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Be the Bigger (Wo)Man

October 12, 2015


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This woman just doesn’t like me. She laughs with other co-workers, but when I join the conversation, she instantly freezes. She shoots down my ideas in meetings and goes out of her way to avoid making eye contact.

What in the world? I have no idea what’s wrong, but something is definitely wrong.

“I have told you these things, so that in me you may have peace. In this world you will have trouble. But take heart! I have overcome the world,” (John 16:33, NIV).

Scripture tells us we will have conflict in life, and it’s how we handle the conflict that matters. How can we ease the tension, especially in the workplace? How do we approach conflict in a Christian way? Avoiding conflict is not the answer, but “speaking our mind” isn’t right either. In fact, as in every aspect of our lives, God has a plan for resolving conflict.

“Blessed are the peacemakers, for they will be called children of God,” (Matthew 5:9).

Strategies for resolving workplace conflict 

Screen Shot 2015-05-18 at 9.28.28 AMFirst, we should talk directly to the person with whom we are struggling. We aren’t supposed to chat with all our coworkers about how much we don’t like her. We aren’t supposed to go straight to the manager to complain. We aren’t supposed to whine about it to our husbands or friends. We should talk with the person gently and directly.

Hint: Don’t wait. Deal with it now. This little conflict simmering on the back burner will boil over and put you in a mess of hot water if you don’t resolve it.

Communication

How we approach a person sets the tone for the whole conversation. Accusatory tones force the person with whom we’re speaking into a corner where she feels like she needs to put on her gloves and come out fighting. It’s better to start with common ground. One way I’ve started a tough conversation is by saying: “I’ve felt like something’s not quite right between us, and I wanted to see if it’s my imagination, or if you’re feeling the same thing.” Use your body language, facial expressions, and eye contact to project care for her and a peaceful heart.

Confession/Forgiveness

People are generally receptive to apologies. I like to start with confessing my part in the current issue and ask the other person to forgive me. Frequently, setting that example will lead the other person to admit she isn’t perfect either, and it opens up the conversation for mutual forgiveness, relationship restoration, and resolution of the issue.

Preserve the Relationship

Remember, the goal of the conversation is to preserve the relationship, not to “win” the battle. Even if we prove ourselves right and force our point of view, we have sown the seeds of bitterness, which will take root and grow into a big mess. Both people need to come out on the other side feeling like they’ve participated in a mutually beneficial solution. Everyone should feel victorious, valued, and committed to improvement by the end of the meeting.

Screen Shot 2015-07-20 at 9.15.59 AMNot long ago, I was faced with a situation where I knew something wasn’t right in a relationship with another woman. I asked her to meet with me. Upon arrival, she sat down with her arms crossed, ready for battle. I began, “I’m so sorry. I must have done or said something to hurt you. I know I can be insensitive sometimes in my hustle to get things done. Will you please forgive me and tell me what has upset you?”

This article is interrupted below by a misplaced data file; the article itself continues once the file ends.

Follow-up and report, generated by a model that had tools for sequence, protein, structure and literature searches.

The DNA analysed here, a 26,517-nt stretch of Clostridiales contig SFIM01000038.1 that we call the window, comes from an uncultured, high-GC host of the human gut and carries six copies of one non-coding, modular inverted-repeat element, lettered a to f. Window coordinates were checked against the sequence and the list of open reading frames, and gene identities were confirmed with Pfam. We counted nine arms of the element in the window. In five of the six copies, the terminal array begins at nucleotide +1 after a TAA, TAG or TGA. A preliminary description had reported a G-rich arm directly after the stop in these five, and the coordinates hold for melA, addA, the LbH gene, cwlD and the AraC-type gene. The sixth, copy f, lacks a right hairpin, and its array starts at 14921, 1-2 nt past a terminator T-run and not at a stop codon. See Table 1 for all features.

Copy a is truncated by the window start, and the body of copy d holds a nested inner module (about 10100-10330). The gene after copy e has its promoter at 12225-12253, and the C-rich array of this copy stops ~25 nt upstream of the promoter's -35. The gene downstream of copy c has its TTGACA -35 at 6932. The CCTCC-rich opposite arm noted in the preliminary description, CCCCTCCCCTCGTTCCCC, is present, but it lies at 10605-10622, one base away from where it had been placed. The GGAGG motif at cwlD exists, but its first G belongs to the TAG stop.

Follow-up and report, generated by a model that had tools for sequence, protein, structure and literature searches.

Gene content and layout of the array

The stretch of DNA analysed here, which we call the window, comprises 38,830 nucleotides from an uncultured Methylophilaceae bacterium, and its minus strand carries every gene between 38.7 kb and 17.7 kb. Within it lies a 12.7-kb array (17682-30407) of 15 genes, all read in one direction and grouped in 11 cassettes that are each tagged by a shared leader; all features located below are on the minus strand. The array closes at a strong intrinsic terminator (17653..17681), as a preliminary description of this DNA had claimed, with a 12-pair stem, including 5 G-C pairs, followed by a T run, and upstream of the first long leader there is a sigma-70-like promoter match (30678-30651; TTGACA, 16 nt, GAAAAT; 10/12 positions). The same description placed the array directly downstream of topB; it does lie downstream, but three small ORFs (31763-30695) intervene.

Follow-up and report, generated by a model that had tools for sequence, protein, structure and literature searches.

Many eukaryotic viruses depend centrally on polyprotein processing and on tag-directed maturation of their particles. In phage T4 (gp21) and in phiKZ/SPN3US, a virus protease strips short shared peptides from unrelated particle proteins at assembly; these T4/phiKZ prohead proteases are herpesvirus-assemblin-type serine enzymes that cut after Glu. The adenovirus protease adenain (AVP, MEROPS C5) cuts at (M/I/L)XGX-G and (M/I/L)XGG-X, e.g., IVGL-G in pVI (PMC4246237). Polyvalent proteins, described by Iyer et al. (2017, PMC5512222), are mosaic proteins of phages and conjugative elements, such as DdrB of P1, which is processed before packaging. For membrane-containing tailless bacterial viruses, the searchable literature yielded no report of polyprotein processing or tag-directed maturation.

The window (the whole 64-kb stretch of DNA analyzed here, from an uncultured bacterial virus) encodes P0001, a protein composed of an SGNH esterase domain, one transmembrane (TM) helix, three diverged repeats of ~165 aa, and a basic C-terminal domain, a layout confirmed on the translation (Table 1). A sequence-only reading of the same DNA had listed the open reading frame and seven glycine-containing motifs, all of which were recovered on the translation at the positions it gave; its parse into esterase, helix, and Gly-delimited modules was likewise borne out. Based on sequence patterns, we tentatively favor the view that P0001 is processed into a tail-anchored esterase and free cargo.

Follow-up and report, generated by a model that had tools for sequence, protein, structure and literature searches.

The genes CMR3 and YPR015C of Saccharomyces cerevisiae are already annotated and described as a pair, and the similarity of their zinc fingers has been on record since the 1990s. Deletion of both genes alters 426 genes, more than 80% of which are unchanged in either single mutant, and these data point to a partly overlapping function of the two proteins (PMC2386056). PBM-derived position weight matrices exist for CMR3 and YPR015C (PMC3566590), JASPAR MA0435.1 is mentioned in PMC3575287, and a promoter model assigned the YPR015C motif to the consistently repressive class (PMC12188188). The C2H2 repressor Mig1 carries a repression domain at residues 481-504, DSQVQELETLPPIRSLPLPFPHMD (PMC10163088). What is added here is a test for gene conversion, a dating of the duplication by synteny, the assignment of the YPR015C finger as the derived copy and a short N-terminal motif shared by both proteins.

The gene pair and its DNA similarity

There was an immediate change in the other woman’s posture. She broke down crying and told me about something I had said in passing that really had hurt her deeply. The comment was completely not meant as it was taken, and after a few minutes of conversation, the issue was completely resolved. Wow! If I hadn’t taken the daunting step of confronting the issue gently and directly, this little misunderstanding could have grown into bitterness and resentment, with ripple effects impacting everyone around us. Instead, though, we strengthened our working relationship, learned to understand each other better, gave each other grace, and became a more effective team in the process.

Take a look at the team of people surrounding you in your workplace. Is there anyone you find yourself purposefully avoiding? Can you name someone who seems to always vacate the room as soon as you walk in? Remember, no conflict is worth sacrificing the ability to perform the duties you’ve been hired to carry out.

Take the situation’s reins and approach the co-worker in question. In most situations, a few moments of discomfort and transparency will result in a more unified work relationship, which in turn will improve the workplace performance of everyone involved.

 

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4 responses to “Be the Bigger (Wo)Man”

  1. […] Be the Bigger (Wo)Man […]

  2. Diane Bohannan says:

    Great advice! Thanks so much for sharing!

  3. 4word says:

    […] Be the Bigger (Wo)Man […]

  4. Karena says:

    This answered my prayer within a matter of days! I’m so grateful God lead me to a resolution so quickly! Praise Him!

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